When the program launched, its main goal was to grow awareness for public transportation, but IndyGo has surpassed this plan and has seen its ridership grow 10.2 percent over the previous year. This is the second consecutive win for IndyGo, which received the award last year for its “Go Green” Initiative.
“IndyGo’s innovative in-kind sponsorship provides access to the communications toolbox through a negotiation template that sparks ideas, creativity, and discussion for smaller scale or new collaborations,” the mayor said. “The reciprocal relationship between IndyGo and its community partners is symbiotic to reach the goal of improved awareness of public transportation and ridership.”
The IndyGo toolbox receives funding through the federal Congestion Mitigation Air Quality program. The agency leverages grant dollars to generate sponsorships and increase community awareness through business relationships.
The Regional Transit Authority (RTA) in New Orleans recently launched a new campaign dedicated to promoting public safety around its streetcars, titled Tracks Can Kill: Live Outside the Lines. The overall goal of the campaign is to educate the public—specifically pedestrians, drivers, joggers, cyclists, and others who encounter the streetcars on a regular basis—about the safest ways to coexist with streetcars in an effort to eliminate all preventable accidents.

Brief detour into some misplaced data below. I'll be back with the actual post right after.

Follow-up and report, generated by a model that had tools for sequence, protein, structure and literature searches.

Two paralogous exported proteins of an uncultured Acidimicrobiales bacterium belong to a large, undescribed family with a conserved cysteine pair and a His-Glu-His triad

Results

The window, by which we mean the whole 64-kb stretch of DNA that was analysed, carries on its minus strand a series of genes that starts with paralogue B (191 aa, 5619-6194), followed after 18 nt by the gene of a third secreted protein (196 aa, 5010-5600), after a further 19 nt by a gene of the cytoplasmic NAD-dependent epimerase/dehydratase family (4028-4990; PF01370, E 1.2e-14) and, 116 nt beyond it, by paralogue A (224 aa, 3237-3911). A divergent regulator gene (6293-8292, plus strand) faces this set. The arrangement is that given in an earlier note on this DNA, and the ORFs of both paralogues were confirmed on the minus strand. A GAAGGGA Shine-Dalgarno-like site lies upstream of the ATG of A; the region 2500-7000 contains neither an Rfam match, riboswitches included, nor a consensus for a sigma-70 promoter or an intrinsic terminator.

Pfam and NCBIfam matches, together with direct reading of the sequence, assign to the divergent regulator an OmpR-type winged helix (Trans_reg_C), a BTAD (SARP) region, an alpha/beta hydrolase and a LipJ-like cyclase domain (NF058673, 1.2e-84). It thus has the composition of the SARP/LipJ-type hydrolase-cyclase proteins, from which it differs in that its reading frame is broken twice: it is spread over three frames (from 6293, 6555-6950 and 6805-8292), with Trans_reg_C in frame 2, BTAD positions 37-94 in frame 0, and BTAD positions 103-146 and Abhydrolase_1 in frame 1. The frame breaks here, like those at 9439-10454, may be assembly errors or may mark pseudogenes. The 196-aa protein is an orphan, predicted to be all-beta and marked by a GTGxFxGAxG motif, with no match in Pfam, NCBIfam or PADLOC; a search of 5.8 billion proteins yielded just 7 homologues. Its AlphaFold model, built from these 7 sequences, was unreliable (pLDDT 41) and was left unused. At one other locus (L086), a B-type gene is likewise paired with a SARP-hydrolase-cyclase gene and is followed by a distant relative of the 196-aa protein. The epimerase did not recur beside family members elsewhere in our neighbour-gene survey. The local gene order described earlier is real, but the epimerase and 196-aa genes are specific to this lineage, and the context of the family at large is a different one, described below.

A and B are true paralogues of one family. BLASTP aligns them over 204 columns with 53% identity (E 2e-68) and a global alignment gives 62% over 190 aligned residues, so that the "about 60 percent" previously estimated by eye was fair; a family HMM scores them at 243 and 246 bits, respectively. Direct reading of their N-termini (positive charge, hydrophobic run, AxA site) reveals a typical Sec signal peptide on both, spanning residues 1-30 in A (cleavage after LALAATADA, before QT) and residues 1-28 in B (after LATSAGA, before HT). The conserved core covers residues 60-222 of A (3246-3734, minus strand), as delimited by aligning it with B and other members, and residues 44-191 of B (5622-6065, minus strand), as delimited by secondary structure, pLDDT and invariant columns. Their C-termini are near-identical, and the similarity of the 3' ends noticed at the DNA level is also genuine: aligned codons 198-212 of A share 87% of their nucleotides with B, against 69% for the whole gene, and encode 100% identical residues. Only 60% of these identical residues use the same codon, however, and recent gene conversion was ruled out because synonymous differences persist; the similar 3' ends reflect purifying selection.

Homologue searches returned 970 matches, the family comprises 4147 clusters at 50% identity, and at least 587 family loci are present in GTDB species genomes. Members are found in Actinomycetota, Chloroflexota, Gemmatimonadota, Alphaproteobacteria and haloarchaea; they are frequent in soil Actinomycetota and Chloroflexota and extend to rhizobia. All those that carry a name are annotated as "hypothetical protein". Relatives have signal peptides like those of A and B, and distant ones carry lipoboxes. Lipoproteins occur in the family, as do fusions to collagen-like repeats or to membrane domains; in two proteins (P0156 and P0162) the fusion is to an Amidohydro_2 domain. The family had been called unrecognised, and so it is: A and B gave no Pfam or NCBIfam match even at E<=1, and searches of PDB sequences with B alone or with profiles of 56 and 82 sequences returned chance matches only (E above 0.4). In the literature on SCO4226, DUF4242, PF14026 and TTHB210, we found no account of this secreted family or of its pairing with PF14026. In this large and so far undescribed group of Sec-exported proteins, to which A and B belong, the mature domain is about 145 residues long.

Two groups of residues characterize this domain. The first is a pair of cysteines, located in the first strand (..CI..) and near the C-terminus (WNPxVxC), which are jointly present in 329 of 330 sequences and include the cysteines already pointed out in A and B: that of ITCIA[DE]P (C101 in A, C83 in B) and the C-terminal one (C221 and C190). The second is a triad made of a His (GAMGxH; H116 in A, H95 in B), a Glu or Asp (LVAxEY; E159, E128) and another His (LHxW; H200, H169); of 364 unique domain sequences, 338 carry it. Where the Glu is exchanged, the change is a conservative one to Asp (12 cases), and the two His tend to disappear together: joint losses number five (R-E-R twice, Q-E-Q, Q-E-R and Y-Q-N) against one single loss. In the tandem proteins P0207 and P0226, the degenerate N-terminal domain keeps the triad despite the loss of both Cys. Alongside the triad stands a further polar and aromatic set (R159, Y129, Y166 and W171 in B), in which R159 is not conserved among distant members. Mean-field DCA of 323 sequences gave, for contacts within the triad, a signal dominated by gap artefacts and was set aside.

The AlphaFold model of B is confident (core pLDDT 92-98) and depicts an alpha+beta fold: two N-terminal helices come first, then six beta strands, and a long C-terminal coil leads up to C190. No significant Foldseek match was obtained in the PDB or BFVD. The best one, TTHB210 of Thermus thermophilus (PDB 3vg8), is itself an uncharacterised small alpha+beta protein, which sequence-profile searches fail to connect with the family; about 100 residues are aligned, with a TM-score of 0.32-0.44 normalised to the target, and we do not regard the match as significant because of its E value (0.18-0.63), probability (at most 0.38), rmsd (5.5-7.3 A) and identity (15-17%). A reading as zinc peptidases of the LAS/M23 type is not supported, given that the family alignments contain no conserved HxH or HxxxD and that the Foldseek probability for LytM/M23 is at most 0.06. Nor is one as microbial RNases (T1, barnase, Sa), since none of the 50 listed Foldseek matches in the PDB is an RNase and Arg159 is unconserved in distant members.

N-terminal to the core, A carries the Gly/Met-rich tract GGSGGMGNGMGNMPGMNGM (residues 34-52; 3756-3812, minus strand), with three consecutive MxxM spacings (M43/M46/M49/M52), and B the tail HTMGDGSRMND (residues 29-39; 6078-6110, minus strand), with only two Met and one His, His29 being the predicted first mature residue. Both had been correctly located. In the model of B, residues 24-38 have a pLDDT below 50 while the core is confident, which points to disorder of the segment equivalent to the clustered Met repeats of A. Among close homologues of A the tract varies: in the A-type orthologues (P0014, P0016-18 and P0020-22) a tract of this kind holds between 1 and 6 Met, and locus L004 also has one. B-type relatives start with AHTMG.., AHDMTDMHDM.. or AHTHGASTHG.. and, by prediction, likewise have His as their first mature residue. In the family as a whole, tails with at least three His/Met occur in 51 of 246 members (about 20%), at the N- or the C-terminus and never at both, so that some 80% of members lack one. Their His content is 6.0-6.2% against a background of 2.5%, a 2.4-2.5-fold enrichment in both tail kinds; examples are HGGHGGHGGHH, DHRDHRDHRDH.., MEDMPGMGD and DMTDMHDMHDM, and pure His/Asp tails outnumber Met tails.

RTA is using television public service announcements; advertisements on its vehicles; brochures; flyers; and social media to encourage viewers to “think again” so they will avoid danger.
Although streetcars travel at a lower speed than most rail vehicles, they cannot come to an immediate stop. As RTA explains, the difference in time and inches can be a matter of life and death. This safety campaign brings greater awareness to the hazards associated with jogging and cycling on the tracks and encourages motorists to treat the median, or neutral ground, as an additional lane of traffic.
The RTA is partnering with businesses, organizations, schools, universities, and neighborhood associations located near streetcar lines to deliver the message.
The 2012 APTA Bus & Paratransit Conference is less than a month away—May 6-9 in Long Beach, CA. Register now to participate in four days of educational opportunities, hear a variety of speakers, and attend the Bus Roadeo Banquet honoring North America’s best bus operators and maintenance teams.